"You might recall that Edge – when Hurricane Katrina did its damage to New Orleans and destroyed the lives of so many musicians there – he put together Music Rising," The Edge's U2 bandmate, Bono, said in an interview with Boston radio station Mix 104.1.

"And it was a really clever way of getting the musicians of the area some instruments so they could continue to live."

Though exact plans for the recovery effort haven't solidified just yet, Bono noted that "Edge has been in discussions now to do the same [work] in Houston. And you know, we have private ways that we will respond, but publicly that's what we're doing."

Donations for those affected by Harvey can be made on the Music Rising website.

Friday, September 8, 2017

An interview with Adam Clayton

U2, 'The Joshua Tree' tour
Bono and Adam Clayton of U2 perform on stage on June 26, 2017, in New York City. (Mike Coppola/Getty Images for The Recording Academy)

U2 at Jimmy Fallon's

Bono and The Edge Talk Inspiration for U2's Album Songs of Experience

Blistering performance of ‘Bullet The Blue Sky’, written thirty years ago and never sounding more in the moment. 
Could have been a newsflash. 

Looks like the band decided to run the lyrics through 2017. 
Here they are, from tonight.
In the howlin' wind
Comes a stingin' rain
See it drivin' nails
Into the souls on the tree of pain.
From the firefly
A red orange glow
See the face of fear
Runnin' scared in the valley below.

Bullet the blue sky
Bullet the blue sky
Bullet the blue
Bullet the blue.

In the locust wind
Comes a rattle and hum.
Jacob wrestled the angel
And the angel was overcome.
You plant a demon seed
You raise a flower of fire.
We see them burnin' crosses
See the flames, higher and higher.

Bullet the blue sky
Bullet the blue sky
Bullet the blue
Bullet the blue
Suit and tie comes up to me 
Face orange as a rose on a thorn bush 
Skin as thin as orange crush 
And he's peeling off those dollar bills 
Slapping them down 
One hundred 
Two hundred 

I can see those fighter planes 
I can see those fighter planes 
WMD in their veins 

Ground shakes but the children can’t weep
Vaporized in a single tweet 
The emperor rises from his golden throne
Never knowing, never BEING known  
The lights are on the presidents home
Oh my god I’ve never felt so alone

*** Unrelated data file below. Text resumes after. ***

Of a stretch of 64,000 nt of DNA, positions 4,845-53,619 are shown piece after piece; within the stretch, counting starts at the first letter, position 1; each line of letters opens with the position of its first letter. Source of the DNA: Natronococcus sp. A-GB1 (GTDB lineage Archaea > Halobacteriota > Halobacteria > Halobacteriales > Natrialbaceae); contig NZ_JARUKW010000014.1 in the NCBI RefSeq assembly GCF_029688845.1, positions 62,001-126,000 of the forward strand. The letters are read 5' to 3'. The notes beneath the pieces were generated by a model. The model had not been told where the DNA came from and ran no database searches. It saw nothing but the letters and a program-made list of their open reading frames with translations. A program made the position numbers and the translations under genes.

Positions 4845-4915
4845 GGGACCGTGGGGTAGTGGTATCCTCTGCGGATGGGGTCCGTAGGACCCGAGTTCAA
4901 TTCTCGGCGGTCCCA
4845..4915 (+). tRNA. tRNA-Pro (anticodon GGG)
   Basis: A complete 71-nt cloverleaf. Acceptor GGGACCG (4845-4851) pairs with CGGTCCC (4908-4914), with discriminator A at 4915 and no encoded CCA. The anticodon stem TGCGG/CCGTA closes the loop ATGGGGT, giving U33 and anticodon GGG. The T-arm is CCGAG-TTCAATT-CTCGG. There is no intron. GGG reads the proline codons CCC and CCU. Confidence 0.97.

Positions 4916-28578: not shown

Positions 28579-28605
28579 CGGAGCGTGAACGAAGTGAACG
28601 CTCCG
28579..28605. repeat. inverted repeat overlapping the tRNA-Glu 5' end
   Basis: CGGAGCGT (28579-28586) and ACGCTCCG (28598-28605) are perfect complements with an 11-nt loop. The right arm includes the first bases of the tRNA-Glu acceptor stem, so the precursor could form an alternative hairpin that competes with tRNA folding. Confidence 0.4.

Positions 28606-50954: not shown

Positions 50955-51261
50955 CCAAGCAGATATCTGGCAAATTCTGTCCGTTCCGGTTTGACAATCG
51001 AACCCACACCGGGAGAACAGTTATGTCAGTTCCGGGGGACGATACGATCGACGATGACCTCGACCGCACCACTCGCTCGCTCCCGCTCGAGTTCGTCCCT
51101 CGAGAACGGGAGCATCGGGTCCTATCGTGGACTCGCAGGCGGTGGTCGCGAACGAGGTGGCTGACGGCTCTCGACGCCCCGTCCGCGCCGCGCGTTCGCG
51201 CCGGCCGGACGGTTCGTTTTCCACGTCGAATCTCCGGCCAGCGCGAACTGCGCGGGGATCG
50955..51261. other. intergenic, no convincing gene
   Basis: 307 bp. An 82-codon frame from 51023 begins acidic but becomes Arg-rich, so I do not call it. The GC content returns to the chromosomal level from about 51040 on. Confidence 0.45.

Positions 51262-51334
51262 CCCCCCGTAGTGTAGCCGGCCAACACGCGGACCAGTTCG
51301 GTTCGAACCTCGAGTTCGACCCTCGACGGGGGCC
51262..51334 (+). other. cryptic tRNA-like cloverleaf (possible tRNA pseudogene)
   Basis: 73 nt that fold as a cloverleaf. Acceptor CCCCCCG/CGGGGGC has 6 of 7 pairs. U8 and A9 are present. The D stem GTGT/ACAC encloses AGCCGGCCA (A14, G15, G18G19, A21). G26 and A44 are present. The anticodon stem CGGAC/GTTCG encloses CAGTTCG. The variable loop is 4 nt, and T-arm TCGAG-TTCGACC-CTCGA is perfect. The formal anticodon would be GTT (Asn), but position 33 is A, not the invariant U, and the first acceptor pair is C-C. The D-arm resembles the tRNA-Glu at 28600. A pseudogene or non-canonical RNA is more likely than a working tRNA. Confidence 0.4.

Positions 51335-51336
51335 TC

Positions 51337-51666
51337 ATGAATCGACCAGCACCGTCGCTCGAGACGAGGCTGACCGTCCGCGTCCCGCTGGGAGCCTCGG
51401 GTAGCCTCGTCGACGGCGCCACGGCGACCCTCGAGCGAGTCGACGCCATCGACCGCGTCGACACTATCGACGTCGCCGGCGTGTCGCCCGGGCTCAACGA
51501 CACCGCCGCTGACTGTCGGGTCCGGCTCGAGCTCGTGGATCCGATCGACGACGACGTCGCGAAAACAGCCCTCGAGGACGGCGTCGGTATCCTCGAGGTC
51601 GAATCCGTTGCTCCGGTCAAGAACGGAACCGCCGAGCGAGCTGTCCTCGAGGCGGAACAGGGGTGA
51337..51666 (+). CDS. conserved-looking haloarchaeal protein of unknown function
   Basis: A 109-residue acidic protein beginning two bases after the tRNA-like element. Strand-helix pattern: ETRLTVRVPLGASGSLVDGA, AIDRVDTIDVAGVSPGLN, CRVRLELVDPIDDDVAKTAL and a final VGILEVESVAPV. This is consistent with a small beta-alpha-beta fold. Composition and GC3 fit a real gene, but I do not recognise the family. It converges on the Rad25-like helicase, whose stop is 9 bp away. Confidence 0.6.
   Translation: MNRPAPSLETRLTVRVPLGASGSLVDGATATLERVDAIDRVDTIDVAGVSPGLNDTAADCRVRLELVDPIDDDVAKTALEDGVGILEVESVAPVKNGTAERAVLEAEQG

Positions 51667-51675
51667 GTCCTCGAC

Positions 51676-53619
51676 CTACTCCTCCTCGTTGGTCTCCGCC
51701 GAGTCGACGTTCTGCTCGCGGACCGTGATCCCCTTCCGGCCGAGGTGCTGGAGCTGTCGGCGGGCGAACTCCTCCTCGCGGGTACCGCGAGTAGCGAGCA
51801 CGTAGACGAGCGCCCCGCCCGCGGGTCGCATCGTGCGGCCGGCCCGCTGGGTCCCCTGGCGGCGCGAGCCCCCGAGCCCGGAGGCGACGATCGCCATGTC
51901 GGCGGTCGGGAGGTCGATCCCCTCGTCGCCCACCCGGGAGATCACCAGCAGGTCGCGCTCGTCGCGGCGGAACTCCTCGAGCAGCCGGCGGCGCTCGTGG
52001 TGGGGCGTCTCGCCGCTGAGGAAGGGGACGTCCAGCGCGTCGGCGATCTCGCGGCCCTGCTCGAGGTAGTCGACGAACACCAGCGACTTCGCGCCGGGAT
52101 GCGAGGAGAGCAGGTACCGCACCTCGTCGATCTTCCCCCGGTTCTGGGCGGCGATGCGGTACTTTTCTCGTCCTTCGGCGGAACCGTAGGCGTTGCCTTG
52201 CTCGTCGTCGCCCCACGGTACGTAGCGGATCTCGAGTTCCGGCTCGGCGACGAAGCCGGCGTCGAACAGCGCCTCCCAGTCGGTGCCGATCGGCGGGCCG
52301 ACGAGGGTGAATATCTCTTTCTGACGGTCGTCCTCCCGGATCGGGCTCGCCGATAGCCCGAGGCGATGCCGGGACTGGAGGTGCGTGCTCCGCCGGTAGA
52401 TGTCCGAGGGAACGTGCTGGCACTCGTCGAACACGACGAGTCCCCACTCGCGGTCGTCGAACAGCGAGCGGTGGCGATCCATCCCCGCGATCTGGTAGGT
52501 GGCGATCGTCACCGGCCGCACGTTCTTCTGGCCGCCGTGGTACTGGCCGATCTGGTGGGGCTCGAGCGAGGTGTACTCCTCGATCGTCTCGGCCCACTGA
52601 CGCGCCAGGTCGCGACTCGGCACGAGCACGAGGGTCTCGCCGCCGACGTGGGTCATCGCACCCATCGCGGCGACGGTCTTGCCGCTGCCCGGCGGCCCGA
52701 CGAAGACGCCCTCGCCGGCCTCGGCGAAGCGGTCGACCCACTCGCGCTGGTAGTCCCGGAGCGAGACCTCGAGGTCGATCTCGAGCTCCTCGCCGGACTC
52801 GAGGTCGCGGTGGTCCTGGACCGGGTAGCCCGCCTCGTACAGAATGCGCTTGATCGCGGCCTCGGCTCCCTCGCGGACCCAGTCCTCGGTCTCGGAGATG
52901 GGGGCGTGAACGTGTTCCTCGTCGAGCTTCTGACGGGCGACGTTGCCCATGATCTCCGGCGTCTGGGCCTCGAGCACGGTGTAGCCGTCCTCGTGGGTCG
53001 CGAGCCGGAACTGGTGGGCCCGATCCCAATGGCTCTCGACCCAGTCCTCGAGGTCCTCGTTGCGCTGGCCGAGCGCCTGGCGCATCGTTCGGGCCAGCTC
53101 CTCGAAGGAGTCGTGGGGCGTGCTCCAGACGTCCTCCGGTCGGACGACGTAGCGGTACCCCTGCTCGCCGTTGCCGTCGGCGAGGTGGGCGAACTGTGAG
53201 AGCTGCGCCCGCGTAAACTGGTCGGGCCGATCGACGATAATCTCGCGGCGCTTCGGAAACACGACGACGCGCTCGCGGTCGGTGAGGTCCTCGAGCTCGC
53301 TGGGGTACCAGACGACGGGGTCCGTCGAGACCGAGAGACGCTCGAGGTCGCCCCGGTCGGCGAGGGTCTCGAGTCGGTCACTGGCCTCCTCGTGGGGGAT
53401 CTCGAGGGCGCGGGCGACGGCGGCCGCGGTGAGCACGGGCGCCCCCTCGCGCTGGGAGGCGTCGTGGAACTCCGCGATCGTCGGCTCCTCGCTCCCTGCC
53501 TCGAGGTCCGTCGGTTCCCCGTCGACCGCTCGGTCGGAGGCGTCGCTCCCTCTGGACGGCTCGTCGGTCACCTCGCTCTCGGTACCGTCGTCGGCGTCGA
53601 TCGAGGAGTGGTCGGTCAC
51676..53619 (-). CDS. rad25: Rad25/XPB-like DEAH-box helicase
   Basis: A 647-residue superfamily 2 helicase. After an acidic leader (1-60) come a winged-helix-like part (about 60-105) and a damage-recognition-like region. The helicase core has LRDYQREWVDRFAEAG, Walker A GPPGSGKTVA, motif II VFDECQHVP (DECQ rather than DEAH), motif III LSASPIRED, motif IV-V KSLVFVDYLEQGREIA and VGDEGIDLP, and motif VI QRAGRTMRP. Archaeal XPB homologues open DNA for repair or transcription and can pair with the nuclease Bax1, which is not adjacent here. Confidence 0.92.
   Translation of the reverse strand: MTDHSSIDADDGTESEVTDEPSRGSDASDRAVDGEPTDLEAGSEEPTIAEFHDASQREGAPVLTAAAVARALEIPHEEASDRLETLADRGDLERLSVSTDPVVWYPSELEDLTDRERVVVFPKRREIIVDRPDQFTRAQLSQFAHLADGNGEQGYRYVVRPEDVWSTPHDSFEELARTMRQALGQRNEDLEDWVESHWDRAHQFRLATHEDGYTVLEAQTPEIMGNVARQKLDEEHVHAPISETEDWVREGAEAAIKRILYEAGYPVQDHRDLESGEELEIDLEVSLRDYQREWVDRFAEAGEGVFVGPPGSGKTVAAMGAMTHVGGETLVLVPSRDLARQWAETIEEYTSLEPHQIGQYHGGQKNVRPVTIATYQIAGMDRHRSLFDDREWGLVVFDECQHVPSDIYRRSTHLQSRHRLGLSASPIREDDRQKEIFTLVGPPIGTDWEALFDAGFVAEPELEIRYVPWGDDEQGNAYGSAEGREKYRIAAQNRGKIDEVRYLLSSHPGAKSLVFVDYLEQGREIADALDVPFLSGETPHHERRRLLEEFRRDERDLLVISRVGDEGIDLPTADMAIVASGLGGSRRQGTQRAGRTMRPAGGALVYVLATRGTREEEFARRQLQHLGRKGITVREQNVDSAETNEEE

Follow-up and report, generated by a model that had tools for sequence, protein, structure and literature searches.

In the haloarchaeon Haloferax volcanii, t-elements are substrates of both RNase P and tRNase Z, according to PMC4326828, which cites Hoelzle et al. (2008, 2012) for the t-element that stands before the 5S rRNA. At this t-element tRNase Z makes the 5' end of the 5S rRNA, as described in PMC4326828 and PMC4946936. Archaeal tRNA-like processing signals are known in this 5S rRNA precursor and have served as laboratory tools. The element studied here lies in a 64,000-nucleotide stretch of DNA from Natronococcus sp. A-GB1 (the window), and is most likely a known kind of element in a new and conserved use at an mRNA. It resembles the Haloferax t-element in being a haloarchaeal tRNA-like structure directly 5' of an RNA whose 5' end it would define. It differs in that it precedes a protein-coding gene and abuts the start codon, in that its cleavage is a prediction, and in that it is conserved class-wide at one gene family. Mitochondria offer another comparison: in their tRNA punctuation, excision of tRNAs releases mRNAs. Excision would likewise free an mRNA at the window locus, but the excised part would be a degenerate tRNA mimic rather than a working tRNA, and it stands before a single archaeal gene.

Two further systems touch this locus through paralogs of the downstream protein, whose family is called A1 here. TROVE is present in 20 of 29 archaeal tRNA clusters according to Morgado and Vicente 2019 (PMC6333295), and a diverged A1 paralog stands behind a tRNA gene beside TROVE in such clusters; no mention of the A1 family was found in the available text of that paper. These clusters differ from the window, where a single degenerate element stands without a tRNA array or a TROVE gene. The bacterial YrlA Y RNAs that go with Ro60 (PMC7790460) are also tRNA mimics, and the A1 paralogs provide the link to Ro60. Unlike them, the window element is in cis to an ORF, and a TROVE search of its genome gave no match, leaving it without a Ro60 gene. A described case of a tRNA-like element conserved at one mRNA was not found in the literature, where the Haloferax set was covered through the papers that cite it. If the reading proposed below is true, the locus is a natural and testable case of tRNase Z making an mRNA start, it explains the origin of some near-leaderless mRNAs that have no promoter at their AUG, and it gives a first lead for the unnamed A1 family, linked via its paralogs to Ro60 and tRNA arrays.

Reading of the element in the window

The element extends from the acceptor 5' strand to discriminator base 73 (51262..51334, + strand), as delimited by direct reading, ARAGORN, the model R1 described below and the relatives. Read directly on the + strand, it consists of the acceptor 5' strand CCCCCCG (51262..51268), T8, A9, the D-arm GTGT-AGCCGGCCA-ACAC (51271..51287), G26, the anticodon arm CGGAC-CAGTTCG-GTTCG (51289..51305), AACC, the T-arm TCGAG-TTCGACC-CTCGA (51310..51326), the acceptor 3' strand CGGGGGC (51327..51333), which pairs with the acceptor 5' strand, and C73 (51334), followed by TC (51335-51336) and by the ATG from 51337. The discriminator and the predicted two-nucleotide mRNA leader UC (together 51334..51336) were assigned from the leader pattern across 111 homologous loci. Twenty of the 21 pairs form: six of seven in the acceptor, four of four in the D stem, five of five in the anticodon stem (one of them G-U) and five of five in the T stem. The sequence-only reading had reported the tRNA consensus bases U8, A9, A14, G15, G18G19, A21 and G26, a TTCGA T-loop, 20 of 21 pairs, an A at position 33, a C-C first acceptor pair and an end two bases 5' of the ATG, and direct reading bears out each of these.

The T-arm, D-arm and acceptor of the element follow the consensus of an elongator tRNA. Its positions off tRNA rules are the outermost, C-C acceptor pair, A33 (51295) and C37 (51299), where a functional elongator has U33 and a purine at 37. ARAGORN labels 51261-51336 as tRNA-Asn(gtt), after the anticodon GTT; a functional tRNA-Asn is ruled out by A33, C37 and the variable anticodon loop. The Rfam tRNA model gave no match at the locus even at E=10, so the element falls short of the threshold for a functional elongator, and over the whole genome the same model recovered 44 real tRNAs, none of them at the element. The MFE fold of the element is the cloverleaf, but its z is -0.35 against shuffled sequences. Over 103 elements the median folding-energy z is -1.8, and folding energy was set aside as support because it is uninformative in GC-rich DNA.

Outside its America
Outside its America

In a far off palace in a far-fetched land 
Another baby plays a baby grand
Fingers on the keys of a siren song
Finger on the button of oblivion
And all I can think of is my son
All I can think of is my son
He misses his ma, misses his da
And he runs 
And he runs 
And he runs 
Into the arms of america

Thursday, September 7, 2017

Edge talks brand new U2!

In an extended chat, Edge discusses U2's new album 'Songs Of Experience'

Wednesday, September 6, 2017

Hear U2's Lustrous New Single 'You're the Best Thing About Me'

Band debuts official lead single from upcoming 'Songs of Experience' album

 U2 released "You're the Best Thing About Me," the gleaming lead single from their upcoming album Songs of Experience on Wednesday 6th September.

"You're the Best Thing About Me" is a joyous ear-worm about romantic dissatisfaction. Larry Mullen Jr. holds time with a firm, stuttering pattern on drums, and the Edge carries the chorus with pretty shards of melody from his guitar. High backing vocals echo many of Bono's lines, and the singer shows off his own falsetto during a gliding, multi-tracked bridge.

But underneath that appealing surface, Bono is playing the part of a malcontent. "I'll be crying out, how bad can a good time be?/ Shooting off my mouth, that's another great thing about me/ I have everything, but I feel like nothing at all," he sings. "You're the best thing about me," he admits, before adding, "the best things are easy to destroy."

"You're the Best Thing About Me" is the second song U2 have shared recently. The band released "The Blackout" last week.

Speaking with Rolling Stone about Songs of Experience in May, Bono said, "I thought it was done last year," but admitted that the extra time in the studio "has made [the album] better.""The problem is we have 15 songs and to get them down to 12," he continued. "We don't like long players. The actual track listing is not set yet, but we have some proper, proper fuck-off songs."

Wednesday, August 30, 2017

Rolling Stone on 'The Blackout'

U2 unveiled "The Blackout," a dynamic new track from their upcoming album Songs of Experience on the band's Facebook page. The album follows 2014's Grammy-nominated album, Songs of Innocence.